GLASGOW – The Barren County Board of Elections checked all the election machines Wednesday morning during its last monthly meeting before the Nov. 5 general election, and it discussed the issue of an inactive voter list created by the Kentucky Board of Elections.
The elections board convened at the county clerk's office and discussed a few matters there before moving the meeting to a different county facility where the voting machines are stored.
County Clerk Helena Chase Birdwell, who chairs the board, said they would be discussing with the poll workers during their “election school” the procedure for voters on the inactive list by the Kentucky Board of Elections staff, emphasizing that the individuals on that list are still eligible to vote – so long as they still meet all the other normal criteria, e.g. residency, not being a convicted felon who hasn't had voting rights restored or the record expunged, etc.
She said the poll workers will be encouraged to call the office if any questions arise so the staff there can help by making sure voters are in the right precinct, etc.
“The news media has really confused a lot of the older people about it,” said Amanda Casteel, the deputy county clerk who serves as elections coordinator. “That's where we're going to educate our precinct workers.”
Birdwell said she thinks a mountain got made out of a molehill on that issue.
“I just want people to be encouraged to still go vote, even if you have the fear whether or not you are or not inactive,” she said.
Casteel added that before election day, voters can call the county clerk's office to double-check that they are still on the voter roll system that can be accessed from the office or they can check their voter registration status on the Kentucky Secretary of State's website at https://vrsws.sos.ky.gov/VIC/ .
Birdwell clarified further with the Daily Times after the meeting the situation with the inactive list. The state board sent notices to people who had not voted in the last two federal elections. If they got no response to that, they sent another notice. If they still got no response, those individuals were placed on a list of inactive voters. They are still included in the voter roll, but with an inactive status notation. Their names will not, however, be in the books at the precincts when they go to vote, but even that doesn't mean they can't vote, she said.
“When you go into the polls on Nov. 5, if your name is on that list of inactive voters, then they're going to call us at the county clerk's office, and we're going to confirm your precinct,” Birdwell said.
Provided that “inactive” voters are at the correct precinct, they will be asked to complete a new voter oath card, and after the person has voted that day, the name will be put back into active status, she said.
According to a press release from Secretary of State Alison Lundergan Grimes, 175,000 Kentuckians were designated as inactive by the staff for the state board.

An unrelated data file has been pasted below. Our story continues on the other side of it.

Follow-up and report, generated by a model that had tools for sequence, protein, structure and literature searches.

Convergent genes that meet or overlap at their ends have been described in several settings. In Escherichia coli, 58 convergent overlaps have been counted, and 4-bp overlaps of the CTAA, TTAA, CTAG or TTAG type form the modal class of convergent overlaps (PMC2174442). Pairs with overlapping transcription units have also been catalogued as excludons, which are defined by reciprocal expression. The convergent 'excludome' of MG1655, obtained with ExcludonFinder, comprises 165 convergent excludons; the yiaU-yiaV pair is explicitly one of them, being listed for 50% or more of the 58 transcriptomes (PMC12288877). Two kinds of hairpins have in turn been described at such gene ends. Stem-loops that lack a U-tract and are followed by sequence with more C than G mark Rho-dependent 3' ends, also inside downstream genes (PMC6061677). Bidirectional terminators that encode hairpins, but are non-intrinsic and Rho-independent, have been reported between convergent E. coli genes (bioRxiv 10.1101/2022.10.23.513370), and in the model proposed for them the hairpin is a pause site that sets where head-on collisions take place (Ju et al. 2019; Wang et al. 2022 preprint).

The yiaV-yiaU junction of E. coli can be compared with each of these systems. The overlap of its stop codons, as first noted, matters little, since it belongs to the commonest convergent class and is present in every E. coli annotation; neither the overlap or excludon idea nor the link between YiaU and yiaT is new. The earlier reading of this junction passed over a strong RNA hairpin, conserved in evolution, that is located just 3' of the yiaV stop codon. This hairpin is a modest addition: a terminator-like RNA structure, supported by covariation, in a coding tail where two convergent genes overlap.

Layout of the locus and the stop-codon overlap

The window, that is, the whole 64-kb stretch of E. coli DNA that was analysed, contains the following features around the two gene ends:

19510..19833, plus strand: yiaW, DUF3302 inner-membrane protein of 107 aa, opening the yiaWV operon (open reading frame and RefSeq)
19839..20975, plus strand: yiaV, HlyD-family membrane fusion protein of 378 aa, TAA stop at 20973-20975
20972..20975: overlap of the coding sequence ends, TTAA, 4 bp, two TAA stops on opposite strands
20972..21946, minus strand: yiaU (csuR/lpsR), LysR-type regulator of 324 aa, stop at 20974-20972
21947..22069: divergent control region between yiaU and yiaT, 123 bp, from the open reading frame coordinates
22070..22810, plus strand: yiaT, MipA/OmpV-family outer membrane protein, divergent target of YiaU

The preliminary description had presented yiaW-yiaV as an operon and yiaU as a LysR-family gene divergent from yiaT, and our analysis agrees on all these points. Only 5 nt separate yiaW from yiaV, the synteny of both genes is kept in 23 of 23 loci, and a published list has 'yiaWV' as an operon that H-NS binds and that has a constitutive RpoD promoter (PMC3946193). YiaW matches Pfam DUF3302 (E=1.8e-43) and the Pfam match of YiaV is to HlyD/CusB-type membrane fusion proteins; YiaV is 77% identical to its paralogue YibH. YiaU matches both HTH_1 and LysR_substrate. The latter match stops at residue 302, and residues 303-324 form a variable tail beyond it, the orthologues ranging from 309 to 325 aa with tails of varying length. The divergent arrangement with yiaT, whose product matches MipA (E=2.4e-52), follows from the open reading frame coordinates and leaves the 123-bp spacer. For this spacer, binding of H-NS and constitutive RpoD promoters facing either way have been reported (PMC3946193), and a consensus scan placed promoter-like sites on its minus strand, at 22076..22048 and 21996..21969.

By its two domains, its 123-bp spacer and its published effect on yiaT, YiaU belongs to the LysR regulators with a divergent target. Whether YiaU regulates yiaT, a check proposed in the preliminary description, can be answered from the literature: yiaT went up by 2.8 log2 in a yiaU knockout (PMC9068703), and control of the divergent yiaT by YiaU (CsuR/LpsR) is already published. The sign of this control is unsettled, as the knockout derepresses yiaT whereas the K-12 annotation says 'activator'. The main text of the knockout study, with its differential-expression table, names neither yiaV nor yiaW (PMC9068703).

Also during Wednesday's meeting, Birdwell said the required legal notice showing the sample ballot for Barren County is anticipated to run Oct. 19 in the Glasgow Daily Times, but it can also be found at http://apps.sos.ky.gov/electionballots/ in the meantime.
The “election school,” i.e. training for Barren County's precinct workers, is scheduled for 6 p.m. Oct. 21.
In-person absentee voting is available Oct. 22 through Nov. 4 at the county clerk's office at the Barren County Government Center, 117 N. Public Square, Suite 1A.
Birdwell read a Sept. 23 letter from Bennie Scott, the Democratic commissioner for the elections board, requesting a leave of absence from the board for the upcoming elections, stating that “due to unforeseen health issues, I will not be able to perform my duty.” He said he would be able to discuss any needs or issues that arise with the chair of the Barren County Democratic Party.
Birdwell then read a letter to the state board of elections from Ladonna Rogers, who chairs the local Democrats' executive committee, recommending some individuals who could represent the party, and the clerk had also received notification from the executive director for the state board of elections that Scott's wife, Pat Scott, had been appointed and was sworn in Monday, subject to ratification by the state board of elections. Her term started Oct. 2 and is to continue until Bennie Scott notifies the state board he is able to resume his duties, Birdwell said, before formally welcoming Pat Scott to the group.
The Barren County Board of Elections' next meeting is at 5 a.m. on Election Day.
From there, the group dispersed and regathered at the voting machine storage location.
The machines that are handicapped accessible are stored in two separate portions – a white container and a black plastic case that folds out to make a sort of desk where the person can sit. Each white container was opened and paperwork that had been left in it the last week of September by the Harp Enterprises representative who sets the programming and such on them was removed, and the serial and seal numbers were checked, along with a “protective” number that is meant to detect tampering attempts, and compared to ensure accuracy. The serial numbers on each of the black cases was also checked to ensure it matched with the designated machine in the white box.
The machines through which paper ballots are scanned and vote totals from those produced were checked in a similar manner, and then each member of the board had to initial a paper strip showing the protective number and that the current number of votes on the machine was zero, and the Democratic and Republican commissioners also had to sign another paper for each type of machine verifying the machines had been checked for accuracy and containing other information.
With that done, the meeting adjourned.